“It may sound a little bit ridiculous but having 22 players and sometimes thousands in the stands screaming at you and scrutinising your every move was a breath of fresh air. It’s the exposure to a completely different set of pressures that was actually refreshing, as well as getting me out and about to stay fit and active. Albeit, clients were often interested in discussing the games that I had been involved with and there were even times when clients would be at the games that I was refereeing. On those occasions, there was even more pressure to get the decisions right!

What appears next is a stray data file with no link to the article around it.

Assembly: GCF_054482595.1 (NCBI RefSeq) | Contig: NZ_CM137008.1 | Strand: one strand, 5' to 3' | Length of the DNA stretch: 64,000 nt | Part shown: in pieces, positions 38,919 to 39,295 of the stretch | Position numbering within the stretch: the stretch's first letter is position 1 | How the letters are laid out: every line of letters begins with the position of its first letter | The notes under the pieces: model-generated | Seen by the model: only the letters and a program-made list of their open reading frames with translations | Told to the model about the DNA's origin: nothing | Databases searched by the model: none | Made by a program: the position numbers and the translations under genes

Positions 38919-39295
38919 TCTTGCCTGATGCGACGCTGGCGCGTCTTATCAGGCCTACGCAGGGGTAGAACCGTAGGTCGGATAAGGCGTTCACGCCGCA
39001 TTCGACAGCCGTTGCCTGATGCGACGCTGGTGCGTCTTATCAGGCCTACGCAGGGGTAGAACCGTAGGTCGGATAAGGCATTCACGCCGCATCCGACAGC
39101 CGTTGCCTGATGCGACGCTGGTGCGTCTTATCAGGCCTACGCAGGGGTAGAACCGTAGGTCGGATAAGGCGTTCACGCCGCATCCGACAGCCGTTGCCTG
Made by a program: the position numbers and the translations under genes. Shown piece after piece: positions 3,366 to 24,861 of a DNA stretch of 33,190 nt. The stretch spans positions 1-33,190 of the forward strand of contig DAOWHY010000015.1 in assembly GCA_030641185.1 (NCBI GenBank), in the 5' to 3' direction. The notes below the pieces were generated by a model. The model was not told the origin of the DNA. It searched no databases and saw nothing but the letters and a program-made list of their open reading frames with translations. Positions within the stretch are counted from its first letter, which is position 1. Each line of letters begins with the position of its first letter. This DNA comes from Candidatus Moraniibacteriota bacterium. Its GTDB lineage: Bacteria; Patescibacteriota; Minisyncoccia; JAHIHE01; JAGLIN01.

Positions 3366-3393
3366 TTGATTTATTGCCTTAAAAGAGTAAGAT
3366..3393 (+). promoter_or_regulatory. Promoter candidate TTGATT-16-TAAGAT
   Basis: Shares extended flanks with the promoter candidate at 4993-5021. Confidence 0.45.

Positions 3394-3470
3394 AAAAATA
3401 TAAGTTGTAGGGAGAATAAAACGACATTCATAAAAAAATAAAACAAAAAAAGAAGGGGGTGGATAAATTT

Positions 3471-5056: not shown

“In my view, all of that is needed when your day job can be a stressful environment. What’s more, my knowledge of the southern England’s A and B road system in order to get to obscure football grounds is now second to none!”
Simon Leaf is a Managing Associate at Mishcon de Reya specialising in Technology and Sport. He joined MDR in 2016 after six years at BCLP.
Recognise Simon? It might from our Mario Kart interview. Check it out below.